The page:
Efficient means of communication, helped by the unstinting co-operation of every person concerned, enabled a scheme, hazardous in the extreme and adopted by force of circumstances, to be successfully executed.

VI. Conclusions
Summarizing the results of the Inquiry, I consider it established that:
(1) The disaster was due to an inrush of peat which broke through from the surface into the face of No. 5 Heading in the South Boig District; of the Main Coal Seam on the night of 7th September, 1950.
(2) The No. 5 Heading had been driven up towards the surface and had holed through on a deposit of boulder clay, sand and gravel at or near the base of a hollow or channel which had been eroded along the softer parts of the coal bearing rocks.
(3) This hollow had a maximum depth of about 44 feet, was lined with a bed of boulder sand and gravel, above which was a layer of almost impervious mud overlain by a deposit of peat which extended to the surface.
(4) The maximum depth of the peat deposit was about 12 feet, of which the top layer, about 2 feet thick, was consolidated above the level of the field drains, the remainder being water-logged and in a fluid condition.
(5) The No. 5 Heading holed through when a shot was fired in the "breast" coal at the face of the heading on the night of 30th August and released a flow of water draining from the surface through the bed of boulder sand and gravel.
(6) This flow of water remained almost constant until the morning of the disaster when, owing to an extraordinarily heavy rainfall, the flow trebled with the result that it washed away debris under the base of two hardwood pillars which had been built to give extra support to the roof, causing them to collapse. A fall of roof resulted and rapidly extended and so weakened the thin supporting barrier of rock and coal at the face of the heading and next to the base and side of the hollow, that it finally collapsed. The bed of boulder sand and gravel gave way, then the layer of mud, and the peat flowed into the heading.
(7) The peat continued to flow for some time and soon filled up miles of underground roadways and blocked all means of exit from the underground workings to the surface, resulting in the loss of 13 lives and the trapping of 116 other workmen.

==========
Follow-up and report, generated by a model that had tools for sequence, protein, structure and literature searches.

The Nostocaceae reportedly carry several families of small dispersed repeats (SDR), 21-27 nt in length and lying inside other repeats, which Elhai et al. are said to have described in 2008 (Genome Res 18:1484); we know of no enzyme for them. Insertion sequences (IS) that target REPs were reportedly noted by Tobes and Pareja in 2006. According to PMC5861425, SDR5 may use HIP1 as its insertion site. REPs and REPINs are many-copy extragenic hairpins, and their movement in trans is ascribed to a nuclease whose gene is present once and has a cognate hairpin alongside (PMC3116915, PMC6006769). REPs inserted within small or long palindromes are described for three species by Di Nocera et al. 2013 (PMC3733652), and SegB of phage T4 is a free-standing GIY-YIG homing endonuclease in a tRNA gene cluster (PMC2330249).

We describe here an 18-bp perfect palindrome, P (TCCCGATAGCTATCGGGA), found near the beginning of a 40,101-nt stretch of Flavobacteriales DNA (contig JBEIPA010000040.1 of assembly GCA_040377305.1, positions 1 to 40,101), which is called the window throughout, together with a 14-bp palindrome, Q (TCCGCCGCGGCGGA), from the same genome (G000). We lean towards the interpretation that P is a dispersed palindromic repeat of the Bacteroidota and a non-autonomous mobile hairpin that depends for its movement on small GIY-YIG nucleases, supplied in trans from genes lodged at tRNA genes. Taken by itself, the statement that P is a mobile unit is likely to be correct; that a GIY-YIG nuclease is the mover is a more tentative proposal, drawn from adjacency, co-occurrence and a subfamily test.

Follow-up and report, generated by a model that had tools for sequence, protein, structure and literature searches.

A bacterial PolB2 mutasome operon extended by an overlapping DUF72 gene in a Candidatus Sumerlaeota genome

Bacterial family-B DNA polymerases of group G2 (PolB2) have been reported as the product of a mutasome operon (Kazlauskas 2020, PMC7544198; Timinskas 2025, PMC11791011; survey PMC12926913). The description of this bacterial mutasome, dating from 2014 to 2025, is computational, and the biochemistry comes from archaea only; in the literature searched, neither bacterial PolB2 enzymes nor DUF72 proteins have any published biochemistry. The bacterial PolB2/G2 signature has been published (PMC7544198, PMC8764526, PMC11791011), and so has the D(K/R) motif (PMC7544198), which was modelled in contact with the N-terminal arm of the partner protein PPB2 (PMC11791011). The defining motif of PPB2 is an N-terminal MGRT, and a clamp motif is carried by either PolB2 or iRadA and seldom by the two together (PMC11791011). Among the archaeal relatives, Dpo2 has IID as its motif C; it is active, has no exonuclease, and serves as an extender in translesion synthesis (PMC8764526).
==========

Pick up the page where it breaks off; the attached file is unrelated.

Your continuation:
(8) Although the position of this deposit of peat was shown on the geological survey map of the district and this map had been consulted in the planning department, the symbol indicating the presence of peat in the field concerned in this disaster had been overlooked.
(9) The field concerned had been visited on several occasions by officials, but they were misled as to the true nature and character of the ground by its superficial appearance due to the limited effect of the field drainage system.
(10) A proper examination of the nature and character of the ground in the field was not made by the colliery management nor by the planning engineers at any time either before the No. 5 Heading approached the surface or after the heading had reached the outcrop beneath the superficial surface deposits.
(11) In my opinion and subject to questions of legal interpretation, there was a contravention of Regulation 29 of the General Regulations, 1920 (Working under Moss, etc. - Precautions) in that the No. 5 Heading had been worked under a deposit of peat with a depth of cover of less than 60 feet or ten times the thickness of the seam, without taking the precautions required by the Regulation.
(12) There was a weakness in organization in that insufficient arrangements were made to ensure that the planning engineers were kept adequately informed of the subsequent changes disclosed by the progress of the workings in the No. 5 Heading Section to enable them to check the accuracy of the forecasts in the development plan, made in April, 1950, for that district of the mine.
(13) In my opinion, and subject to questions of legal interpretation, there was no contravention of Section 67 or of Section 68 of the Coal Mines Act, 1911.

VII. Recommendations
As a result of the Inquiry, I make the following recommendations:-
(1) A copy of any map and of any relevant memoir published by the Geological Survey and relating to the district in which a mine is situated should be kept in the office of the manager of the mine and also in the offices of the surveying and planning departments relating to that mine.
(2) Where the geological map or any boring, mining, geological or other record shows the presence of. peat or any unconsolidated deposit within, or in proximity to, the boundaries of a mine, the limits and nature of such deposits should be shown on the working plan of the mine, and the General Regulations, 1920, No. 1423 (Workings under Moss, etc.— Precautions) should apply to all workings under areas so defined.
(3) Before any working approaches within 600 feet of the surface where the nature of the intervening ground between the surface and the expected horizon of the working has not been determined, the manager should obtain the advice of a competent field geologist as to the nature of the intervening ground, and should consider such advice in determining what precautions, if any, are necessary before further working is undertaken.
(4) No working should approach within 150 feet of the surface until the nature of the intervening ground between the surface and the expected horizon of the proposed working has been determined by boring or other approved means.
(5) Except with the permission of the inspector and subject to such conditions as he may think fit to impose, any working which is being driven towards the surface or a superficial deposit and has approached within fifty yards of the surface or the base of the deposit should not exceed ten feet in width.